Midway through 2014, preliminary reports show that the number of fatalities on Kansas roads this year is a little below the five-year average for this point in the year but significantly higher than last year’s record-low. Through June 30, the number of motorcyclist, pedestrian and bicycle deaths has increased over the same period in 2013.
“Fatalities are random and there’s not always a good explanation why there are more some years than others,” said Chris Bortz, the Kansas Department of Transportation’s Traffic Safety Program Manager. “However, so far this year the number of impaired pedestrian fatalities is surprisingly higher.”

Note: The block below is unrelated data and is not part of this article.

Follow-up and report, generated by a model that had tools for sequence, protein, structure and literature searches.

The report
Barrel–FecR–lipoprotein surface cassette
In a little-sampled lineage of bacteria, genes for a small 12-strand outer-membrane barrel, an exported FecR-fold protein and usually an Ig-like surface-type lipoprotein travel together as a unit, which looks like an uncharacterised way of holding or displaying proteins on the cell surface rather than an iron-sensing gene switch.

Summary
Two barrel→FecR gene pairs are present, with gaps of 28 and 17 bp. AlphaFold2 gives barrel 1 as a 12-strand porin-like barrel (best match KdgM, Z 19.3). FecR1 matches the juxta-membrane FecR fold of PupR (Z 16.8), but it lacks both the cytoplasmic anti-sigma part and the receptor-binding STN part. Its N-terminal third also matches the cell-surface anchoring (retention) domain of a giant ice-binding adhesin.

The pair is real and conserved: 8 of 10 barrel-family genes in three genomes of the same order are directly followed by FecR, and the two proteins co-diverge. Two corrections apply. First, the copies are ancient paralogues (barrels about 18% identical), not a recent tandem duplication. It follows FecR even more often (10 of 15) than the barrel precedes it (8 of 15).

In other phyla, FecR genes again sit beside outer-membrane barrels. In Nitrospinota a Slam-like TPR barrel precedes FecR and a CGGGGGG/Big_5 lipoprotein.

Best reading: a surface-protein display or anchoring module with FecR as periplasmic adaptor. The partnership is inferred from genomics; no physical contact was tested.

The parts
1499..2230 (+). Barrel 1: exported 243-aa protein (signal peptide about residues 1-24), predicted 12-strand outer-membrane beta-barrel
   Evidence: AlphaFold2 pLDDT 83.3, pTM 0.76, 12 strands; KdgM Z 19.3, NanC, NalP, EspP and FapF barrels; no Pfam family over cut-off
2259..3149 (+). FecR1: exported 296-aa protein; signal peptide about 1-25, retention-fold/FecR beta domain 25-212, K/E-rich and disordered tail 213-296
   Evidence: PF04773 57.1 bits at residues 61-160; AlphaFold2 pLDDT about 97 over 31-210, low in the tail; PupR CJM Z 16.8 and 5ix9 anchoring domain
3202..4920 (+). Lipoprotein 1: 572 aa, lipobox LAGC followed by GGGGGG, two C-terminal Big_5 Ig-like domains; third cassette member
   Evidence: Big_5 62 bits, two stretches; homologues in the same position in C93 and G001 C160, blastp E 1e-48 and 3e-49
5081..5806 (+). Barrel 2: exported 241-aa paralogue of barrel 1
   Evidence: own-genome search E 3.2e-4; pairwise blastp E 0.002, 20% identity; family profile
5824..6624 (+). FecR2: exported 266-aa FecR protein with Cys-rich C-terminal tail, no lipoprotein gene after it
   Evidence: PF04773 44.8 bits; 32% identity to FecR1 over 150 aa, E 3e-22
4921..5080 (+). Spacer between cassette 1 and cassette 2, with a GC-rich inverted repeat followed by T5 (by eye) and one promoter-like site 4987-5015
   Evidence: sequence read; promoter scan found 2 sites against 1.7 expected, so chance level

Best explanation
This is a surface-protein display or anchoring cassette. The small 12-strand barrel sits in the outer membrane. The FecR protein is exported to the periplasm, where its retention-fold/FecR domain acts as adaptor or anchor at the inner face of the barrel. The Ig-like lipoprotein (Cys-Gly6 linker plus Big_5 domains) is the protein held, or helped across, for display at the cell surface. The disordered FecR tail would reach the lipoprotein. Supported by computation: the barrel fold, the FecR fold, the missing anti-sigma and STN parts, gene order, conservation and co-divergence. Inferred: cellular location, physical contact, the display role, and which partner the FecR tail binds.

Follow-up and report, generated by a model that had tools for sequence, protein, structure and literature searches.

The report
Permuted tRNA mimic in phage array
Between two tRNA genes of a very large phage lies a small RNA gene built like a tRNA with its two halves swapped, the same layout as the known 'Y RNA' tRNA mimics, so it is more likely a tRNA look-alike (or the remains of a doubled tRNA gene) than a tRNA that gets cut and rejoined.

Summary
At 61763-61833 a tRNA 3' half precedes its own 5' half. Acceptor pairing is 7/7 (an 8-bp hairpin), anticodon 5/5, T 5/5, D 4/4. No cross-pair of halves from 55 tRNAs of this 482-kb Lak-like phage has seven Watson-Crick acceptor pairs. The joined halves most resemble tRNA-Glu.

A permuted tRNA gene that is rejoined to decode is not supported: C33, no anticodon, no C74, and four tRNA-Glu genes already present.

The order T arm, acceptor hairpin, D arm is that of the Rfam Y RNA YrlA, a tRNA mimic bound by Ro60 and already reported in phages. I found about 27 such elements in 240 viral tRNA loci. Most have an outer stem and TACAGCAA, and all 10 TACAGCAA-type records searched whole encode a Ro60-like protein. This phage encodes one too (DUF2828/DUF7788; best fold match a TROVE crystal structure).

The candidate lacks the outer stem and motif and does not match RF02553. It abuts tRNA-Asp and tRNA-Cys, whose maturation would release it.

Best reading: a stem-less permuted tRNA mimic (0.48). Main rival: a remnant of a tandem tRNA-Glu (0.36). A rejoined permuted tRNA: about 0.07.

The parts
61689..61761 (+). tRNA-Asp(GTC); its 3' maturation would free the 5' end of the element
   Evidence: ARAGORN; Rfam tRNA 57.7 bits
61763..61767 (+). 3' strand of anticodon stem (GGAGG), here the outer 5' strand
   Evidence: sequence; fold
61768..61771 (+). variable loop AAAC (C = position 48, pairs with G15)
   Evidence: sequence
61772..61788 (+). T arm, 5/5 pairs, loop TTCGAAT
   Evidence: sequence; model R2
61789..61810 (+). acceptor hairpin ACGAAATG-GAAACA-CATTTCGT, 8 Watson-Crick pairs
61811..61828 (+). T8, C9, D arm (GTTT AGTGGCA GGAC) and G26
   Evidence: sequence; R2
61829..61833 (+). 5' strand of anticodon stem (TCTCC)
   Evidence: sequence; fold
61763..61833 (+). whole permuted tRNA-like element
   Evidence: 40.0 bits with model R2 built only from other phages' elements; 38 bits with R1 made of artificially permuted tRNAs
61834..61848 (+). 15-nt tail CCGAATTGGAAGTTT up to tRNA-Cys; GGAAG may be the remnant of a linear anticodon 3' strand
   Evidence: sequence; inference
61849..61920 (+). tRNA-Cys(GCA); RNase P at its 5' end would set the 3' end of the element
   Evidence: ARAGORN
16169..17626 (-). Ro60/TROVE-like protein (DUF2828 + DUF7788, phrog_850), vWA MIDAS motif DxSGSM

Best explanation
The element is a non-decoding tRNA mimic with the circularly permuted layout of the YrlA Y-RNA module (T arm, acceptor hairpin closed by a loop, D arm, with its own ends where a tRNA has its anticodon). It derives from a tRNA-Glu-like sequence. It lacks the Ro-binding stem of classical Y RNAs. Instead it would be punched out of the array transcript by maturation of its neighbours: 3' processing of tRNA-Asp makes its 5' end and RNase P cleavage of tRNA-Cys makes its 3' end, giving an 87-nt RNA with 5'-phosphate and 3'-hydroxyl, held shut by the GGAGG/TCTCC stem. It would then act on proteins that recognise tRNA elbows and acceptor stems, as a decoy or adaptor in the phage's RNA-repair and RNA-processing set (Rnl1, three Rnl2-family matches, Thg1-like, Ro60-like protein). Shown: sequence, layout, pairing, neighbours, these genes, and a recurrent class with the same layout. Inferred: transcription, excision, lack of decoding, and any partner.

And, of the 17 fatality motorcycle crash reports KDOT has received so far (there have been 22 deaths this year compared to 13 at this time last year), only seven of the victims had a proper ‘M’ endorsement on their driver’s license as legally required. Helmet use is less than 50 percent in the fatalities.
Bortz noted that while seatbelt usage is gradually increasing, most of the people who die in car/truck crashes are unbelted.
“Progress has been made in teen seatbelt usage, but there are still too many people, especially young male pickup truck and SUV drivers in rural areas, who don’t buckle up. And it can be the difference between surviving and dying in a crash,” said Bortz.